What To Do About a Bankruptcy Case

Written by Business Success on . Posted in Employment law, Insurer insolvency, Judge donald h. steckroth

No one looks forward to the prospect of bankruptcy, but even if it happens, there are options that a debtor can pursue to find debt relief. Bankruptcy law exists to ensure that the proceedings at a bankruptcy court are fair and productive, and bankruptcy law can be used by both sides to this end. Bankruptcy is the case when a debtor such as a small company or a wealthy individual cannot pay their debts off with their current state of affairs. When this happens, bankruptcy filing is sure to follow, and arbitration services may also be called in to make the proceedings smooth, fair, and productive. When it comes time to use bankruptcy law, a debtor company may find itself downsized and restructured to pay off debt, or maybe liquidated entirely. Different cases will have different outcomes, and nothing is being guaranteed here. All the same, bankruptcy law may do a lot of good to help a debtor clear its money troubles. Why do debtors go broke like this? How can bankruptcy law help out in court?

Debtors and Bankruptcy Causes

Bankruptcy may take a number of forms, and chapter 11 is a fairly common method bankruptcy filing in the United States today. A few of those who declare chapter 11 bankruptcy are wealthy individuals, but more commonly, it is small companies who file for this sort of bankruptcy. Often, they do so on their own initiative rather than having it forced upon them by their creditors, since debt relief is something to be desired. In general, chapter 11 bankruptcy debtors are smaller companies with under $10 million in assets and liabilities, under $10 million in annual revenue, and fewer than 50 employees.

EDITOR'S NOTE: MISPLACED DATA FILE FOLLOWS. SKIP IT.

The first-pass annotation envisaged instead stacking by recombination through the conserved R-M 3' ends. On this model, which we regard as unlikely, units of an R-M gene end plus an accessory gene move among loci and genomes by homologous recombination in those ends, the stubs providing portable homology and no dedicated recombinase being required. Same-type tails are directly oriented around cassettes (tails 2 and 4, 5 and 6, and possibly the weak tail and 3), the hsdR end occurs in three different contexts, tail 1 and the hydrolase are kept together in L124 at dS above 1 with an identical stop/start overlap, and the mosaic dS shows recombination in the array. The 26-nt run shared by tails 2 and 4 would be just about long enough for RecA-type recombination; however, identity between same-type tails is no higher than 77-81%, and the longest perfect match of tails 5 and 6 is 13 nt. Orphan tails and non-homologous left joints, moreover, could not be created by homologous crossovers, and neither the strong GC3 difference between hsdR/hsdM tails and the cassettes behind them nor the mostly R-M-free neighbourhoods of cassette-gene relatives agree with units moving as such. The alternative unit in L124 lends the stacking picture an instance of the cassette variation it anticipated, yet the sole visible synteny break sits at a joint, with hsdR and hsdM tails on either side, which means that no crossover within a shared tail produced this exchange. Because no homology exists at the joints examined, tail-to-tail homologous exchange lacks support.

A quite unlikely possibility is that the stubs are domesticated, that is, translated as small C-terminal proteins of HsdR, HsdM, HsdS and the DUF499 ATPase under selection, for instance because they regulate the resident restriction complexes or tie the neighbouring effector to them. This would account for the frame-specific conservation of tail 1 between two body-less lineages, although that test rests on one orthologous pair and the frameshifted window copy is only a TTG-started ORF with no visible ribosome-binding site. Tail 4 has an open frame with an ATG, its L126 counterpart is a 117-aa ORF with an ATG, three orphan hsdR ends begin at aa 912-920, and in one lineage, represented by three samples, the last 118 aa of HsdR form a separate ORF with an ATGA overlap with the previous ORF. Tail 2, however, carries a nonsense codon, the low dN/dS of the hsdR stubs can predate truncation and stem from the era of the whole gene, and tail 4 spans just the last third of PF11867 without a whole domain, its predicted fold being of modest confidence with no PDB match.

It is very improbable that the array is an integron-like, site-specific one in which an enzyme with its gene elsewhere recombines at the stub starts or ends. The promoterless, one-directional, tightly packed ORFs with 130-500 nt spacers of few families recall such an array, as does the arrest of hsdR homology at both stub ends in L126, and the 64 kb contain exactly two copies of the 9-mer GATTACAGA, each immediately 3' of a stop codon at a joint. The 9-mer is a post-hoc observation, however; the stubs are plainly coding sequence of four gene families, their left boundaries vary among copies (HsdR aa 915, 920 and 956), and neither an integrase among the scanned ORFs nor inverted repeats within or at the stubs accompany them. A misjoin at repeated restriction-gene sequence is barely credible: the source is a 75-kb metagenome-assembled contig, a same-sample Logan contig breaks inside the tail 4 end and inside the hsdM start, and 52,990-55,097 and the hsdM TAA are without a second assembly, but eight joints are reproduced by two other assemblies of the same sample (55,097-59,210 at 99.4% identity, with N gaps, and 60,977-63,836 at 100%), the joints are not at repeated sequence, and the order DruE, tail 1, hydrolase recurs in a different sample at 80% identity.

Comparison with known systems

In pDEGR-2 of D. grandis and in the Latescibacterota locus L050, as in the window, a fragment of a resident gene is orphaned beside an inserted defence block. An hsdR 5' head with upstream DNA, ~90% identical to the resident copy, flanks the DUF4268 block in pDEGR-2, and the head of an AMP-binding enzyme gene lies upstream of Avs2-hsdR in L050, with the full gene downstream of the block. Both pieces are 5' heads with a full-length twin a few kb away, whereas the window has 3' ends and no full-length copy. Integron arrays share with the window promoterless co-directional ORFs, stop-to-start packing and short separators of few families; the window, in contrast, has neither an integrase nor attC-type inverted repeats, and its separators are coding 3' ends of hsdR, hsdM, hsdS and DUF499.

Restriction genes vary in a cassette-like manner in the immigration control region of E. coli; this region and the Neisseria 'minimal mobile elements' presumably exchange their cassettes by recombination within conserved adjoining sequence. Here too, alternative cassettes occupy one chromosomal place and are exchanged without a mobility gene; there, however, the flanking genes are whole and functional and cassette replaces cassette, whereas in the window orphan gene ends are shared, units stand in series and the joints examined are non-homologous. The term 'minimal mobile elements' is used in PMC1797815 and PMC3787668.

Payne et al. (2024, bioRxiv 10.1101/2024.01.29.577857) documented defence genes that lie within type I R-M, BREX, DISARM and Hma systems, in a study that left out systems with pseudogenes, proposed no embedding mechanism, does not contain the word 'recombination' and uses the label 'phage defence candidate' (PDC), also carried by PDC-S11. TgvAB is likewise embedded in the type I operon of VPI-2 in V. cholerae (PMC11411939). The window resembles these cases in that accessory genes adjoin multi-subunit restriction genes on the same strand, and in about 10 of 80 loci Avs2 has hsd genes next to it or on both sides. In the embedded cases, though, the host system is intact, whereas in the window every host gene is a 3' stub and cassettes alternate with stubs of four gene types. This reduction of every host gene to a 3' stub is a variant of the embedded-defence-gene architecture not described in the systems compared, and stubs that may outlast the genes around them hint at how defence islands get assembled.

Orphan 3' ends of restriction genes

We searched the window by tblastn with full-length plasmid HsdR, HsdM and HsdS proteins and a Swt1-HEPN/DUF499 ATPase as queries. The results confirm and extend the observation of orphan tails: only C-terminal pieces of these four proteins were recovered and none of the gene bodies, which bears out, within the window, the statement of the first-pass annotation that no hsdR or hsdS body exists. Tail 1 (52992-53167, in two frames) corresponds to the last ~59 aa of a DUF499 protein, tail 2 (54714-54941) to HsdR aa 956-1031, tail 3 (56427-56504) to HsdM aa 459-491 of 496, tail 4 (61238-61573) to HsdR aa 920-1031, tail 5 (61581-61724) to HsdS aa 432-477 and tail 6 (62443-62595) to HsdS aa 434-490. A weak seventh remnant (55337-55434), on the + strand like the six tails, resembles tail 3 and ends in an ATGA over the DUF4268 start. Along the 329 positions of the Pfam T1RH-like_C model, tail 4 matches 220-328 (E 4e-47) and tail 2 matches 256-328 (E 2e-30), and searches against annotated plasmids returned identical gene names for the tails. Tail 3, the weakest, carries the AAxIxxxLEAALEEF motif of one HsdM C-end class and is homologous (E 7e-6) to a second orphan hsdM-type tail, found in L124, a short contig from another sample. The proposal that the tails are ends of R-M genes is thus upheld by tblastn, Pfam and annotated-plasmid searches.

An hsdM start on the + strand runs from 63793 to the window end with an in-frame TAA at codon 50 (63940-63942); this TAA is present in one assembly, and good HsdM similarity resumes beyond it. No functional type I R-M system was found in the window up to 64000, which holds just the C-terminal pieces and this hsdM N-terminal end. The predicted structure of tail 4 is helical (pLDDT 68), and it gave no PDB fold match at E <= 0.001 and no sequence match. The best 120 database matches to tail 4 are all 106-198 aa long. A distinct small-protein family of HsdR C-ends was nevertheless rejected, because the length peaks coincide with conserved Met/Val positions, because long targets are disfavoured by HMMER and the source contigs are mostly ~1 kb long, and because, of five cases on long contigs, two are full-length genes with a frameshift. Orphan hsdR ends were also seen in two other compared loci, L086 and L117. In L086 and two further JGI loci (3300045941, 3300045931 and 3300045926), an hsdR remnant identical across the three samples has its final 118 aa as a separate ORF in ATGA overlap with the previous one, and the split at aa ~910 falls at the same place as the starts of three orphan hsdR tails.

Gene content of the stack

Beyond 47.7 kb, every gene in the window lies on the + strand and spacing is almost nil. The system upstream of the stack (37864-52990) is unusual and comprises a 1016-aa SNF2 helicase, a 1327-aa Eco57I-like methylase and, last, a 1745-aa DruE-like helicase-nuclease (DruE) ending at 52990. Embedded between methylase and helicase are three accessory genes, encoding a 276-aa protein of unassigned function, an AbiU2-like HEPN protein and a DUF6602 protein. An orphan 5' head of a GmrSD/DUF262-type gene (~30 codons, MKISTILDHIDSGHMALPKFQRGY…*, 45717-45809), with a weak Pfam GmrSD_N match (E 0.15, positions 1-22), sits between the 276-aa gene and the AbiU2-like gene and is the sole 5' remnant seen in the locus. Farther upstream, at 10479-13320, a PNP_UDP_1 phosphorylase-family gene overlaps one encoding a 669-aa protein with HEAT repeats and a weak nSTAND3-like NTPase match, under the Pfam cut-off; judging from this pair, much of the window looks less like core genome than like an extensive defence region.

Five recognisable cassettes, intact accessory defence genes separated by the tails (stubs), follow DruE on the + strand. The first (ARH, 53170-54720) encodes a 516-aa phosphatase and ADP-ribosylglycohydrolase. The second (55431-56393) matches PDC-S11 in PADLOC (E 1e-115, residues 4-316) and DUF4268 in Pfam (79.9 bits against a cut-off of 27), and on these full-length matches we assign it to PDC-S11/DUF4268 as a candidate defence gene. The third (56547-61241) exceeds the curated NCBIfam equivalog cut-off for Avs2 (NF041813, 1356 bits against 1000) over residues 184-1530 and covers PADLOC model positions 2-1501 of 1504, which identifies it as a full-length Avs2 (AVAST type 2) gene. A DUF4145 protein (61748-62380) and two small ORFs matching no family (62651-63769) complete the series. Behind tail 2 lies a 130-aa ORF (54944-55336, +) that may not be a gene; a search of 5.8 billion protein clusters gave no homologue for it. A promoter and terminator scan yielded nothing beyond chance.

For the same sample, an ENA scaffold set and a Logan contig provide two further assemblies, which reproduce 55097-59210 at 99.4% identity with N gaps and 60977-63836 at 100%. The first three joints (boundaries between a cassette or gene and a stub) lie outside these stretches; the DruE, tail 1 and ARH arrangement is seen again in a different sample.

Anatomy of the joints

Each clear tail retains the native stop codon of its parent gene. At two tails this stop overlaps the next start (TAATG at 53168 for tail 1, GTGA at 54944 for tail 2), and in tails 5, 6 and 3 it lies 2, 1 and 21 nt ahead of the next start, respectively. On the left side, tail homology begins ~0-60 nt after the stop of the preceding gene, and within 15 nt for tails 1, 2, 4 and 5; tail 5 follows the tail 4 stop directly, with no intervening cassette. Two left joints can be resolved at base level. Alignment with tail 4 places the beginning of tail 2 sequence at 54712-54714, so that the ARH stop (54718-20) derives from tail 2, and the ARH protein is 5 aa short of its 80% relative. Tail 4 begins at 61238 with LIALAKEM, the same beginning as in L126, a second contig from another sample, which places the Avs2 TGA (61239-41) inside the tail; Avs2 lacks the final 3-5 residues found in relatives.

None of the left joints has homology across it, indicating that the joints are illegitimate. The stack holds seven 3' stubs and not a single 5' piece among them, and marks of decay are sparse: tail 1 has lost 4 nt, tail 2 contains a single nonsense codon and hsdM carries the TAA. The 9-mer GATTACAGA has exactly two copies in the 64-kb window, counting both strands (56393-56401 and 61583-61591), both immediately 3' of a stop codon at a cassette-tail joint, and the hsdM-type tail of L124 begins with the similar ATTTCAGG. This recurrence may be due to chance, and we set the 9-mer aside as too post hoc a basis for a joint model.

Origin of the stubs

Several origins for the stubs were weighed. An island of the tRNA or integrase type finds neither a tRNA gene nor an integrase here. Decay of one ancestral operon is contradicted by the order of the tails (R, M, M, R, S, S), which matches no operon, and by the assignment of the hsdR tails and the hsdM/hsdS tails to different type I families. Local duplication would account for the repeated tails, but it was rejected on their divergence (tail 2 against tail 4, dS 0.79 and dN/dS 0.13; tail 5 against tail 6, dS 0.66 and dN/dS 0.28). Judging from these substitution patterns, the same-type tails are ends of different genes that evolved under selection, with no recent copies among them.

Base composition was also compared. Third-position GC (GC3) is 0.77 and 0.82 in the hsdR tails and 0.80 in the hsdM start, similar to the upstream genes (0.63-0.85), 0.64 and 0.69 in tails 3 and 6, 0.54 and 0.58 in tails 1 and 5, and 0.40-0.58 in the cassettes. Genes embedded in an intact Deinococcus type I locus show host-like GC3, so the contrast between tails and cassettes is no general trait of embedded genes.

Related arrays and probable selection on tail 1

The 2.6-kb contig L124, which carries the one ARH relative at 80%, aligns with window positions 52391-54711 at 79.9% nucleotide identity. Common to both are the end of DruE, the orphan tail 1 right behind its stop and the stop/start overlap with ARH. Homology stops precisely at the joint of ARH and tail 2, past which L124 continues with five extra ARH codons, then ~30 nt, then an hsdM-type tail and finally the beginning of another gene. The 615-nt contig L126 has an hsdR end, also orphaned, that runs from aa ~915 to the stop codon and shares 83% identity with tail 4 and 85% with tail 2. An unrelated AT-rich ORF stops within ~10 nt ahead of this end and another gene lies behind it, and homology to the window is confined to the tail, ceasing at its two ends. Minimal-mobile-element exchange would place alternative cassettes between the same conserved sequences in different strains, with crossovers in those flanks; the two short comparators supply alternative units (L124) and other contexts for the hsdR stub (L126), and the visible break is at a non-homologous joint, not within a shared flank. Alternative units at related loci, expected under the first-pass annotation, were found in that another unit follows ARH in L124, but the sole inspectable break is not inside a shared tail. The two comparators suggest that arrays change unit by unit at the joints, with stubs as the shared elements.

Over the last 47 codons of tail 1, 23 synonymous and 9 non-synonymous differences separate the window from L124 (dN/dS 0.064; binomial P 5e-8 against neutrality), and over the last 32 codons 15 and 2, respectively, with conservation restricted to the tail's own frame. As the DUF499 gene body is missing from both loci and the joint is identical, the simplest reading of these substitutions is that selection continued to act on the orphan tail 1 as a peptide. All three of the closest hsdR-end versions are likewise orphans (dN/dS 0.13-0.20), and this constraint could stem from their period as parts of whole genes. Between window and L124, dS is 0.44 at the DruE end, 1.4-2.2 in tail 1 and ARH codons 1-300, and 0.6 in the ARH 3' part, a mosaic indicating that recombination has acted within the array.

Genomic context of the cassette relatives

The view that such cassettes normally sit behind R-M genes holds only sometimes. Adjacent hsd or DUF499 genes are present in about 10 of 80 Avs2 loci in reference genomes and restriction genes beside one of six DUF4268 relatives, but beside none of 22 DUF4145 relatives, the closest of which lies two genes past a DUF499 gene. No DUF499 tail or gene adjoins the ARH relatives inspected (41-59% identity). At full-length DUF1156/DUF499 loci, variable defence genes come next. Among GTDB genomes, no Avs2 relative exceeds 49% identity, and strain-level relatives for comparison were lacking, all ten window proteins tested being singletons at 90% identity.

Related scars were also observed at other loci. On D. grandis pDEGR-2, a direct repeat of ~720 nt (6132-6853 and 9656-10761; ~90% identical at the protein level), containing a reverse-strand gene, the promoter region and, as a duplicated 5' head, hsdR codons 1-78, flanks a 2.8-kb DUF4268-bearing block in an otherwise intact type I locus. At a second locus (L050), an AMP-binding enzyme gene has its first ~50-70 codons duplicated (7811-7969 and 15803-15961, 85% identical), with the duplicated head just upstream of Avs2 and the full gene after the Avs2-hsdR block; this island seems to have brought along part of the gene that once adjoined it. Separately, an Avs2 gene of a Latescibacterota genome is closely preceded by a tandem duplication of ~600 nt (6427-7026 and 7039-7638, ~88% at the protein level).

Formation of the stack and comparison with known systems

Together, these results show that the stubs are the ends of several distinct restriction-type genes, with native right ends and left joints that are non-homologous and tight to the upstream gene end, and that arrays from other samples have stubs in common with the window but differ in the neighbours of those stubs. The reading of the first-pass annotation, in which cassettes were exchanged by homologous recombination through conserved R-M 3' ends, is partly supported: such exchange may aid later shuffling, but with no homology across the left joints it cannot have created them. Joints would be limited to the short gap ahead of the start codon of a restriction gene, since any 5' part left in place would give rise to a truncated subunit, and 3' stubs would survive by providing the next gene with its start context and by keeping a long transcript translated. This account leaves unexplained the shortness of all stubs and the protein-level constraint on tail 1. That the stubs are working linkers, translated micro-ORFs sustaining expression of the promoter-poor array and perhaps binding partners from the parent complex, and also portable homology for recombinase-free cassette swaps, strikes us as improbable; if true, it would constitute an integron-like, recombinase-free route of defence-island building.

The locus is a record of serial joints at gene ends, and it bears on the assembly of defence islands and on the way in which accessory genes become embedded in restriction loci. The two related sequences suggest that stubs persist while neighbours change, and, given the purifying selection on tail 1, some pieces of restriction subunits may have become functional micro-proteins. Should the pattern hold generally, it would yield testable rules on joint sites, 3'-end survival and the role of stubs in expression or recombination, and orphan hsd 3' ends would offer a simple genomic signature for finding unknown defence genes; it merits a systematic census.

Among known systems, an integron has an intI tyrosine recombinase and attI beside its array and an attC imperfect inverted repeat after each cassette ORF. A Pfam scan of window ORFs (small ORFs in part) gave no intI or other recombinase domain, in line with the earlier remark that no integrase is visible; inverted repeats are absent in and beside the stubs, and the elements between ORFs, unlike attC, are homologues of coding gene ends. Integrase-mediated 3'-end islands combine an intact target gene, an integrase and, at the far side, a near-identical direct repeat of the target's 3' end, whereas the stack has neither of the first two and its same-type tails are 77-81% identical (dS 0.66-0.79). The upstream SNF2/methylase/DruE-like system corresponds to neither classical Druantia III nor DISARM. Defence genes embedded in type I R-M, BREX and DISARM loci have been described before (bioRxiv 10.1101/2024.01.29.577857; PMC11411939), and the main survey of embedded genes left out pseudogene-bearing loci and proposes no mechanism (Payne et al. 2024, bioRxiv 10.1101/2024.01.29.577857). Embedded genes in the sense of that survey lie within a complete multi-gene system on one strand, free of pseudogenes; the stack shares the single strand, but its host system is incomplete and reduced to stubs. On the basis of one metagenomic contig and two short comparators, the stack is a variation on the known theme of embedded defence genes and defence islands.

A company may find itself bankrupt through typical features of the free market, such as being outclassed by competitors or poor management or marketing technique. Other times, however, these debtors are the victims of crime. Cyber-crime has risen alongside the Internet, and powerful tools such as the Internet are often exploited for crime. What does this mean? Many companies, big and small, store sensitive information such as financial reports, future plans, employee information, and bank account numbers and passwords on data servers, hard drives, and Cloud storage services. IT professionals work hard to keep this data secure, but from time to time, there will be breach and a loss of security and money alike. Large hacker jobs can steal many millions from companies or their customers, which can hurt larger companies and completely ruin smaller ones. A successful hacker attack can drive a company to bankruptcy, and the affected company may file for chapter 11 bankruptcy to seek relief.

Court and Bankruptcy

Filing for chapter 11 bankruptcy means that the debtor company, and any and all creditors, will be present in case, along with their lawyers and the judge. All involved parties will have different roles in finding a solution to the outstanding debt problem, and this may go more smoothly if the debtor has acted in good faith and honesty so far. Such a debtor may be considered DIP, or “debtor in possession.” This means that the debtor may continue to run its business and stay open, but there are conditions. The debtor may not, without the court or debtor’s permission, take on new loans, hire lawyers, or buy or sell anything outside whatever is normally bought or sold for business purposes. Violating these terms or other deceitful acts may cause the DIP status to be revoked.

Either way, the debtor will be asked to formulate a reorganization plan, which is exactly that: a detailed plan for restructuring the company and downsizing it or liquidating assets to help pay off the debts. The debtor will often be given several months to create this plan, and may ask for and even receive a time extension. The debtor company may make use of bankruptcy lawyers to make this plan more effective, and later, the plan will be presented. If the court and creditors accept it, the plan will be put into motion so that part or all of the debt is paid off. And in rare cases, the creditors or court may reject the plan and offer one of their own.

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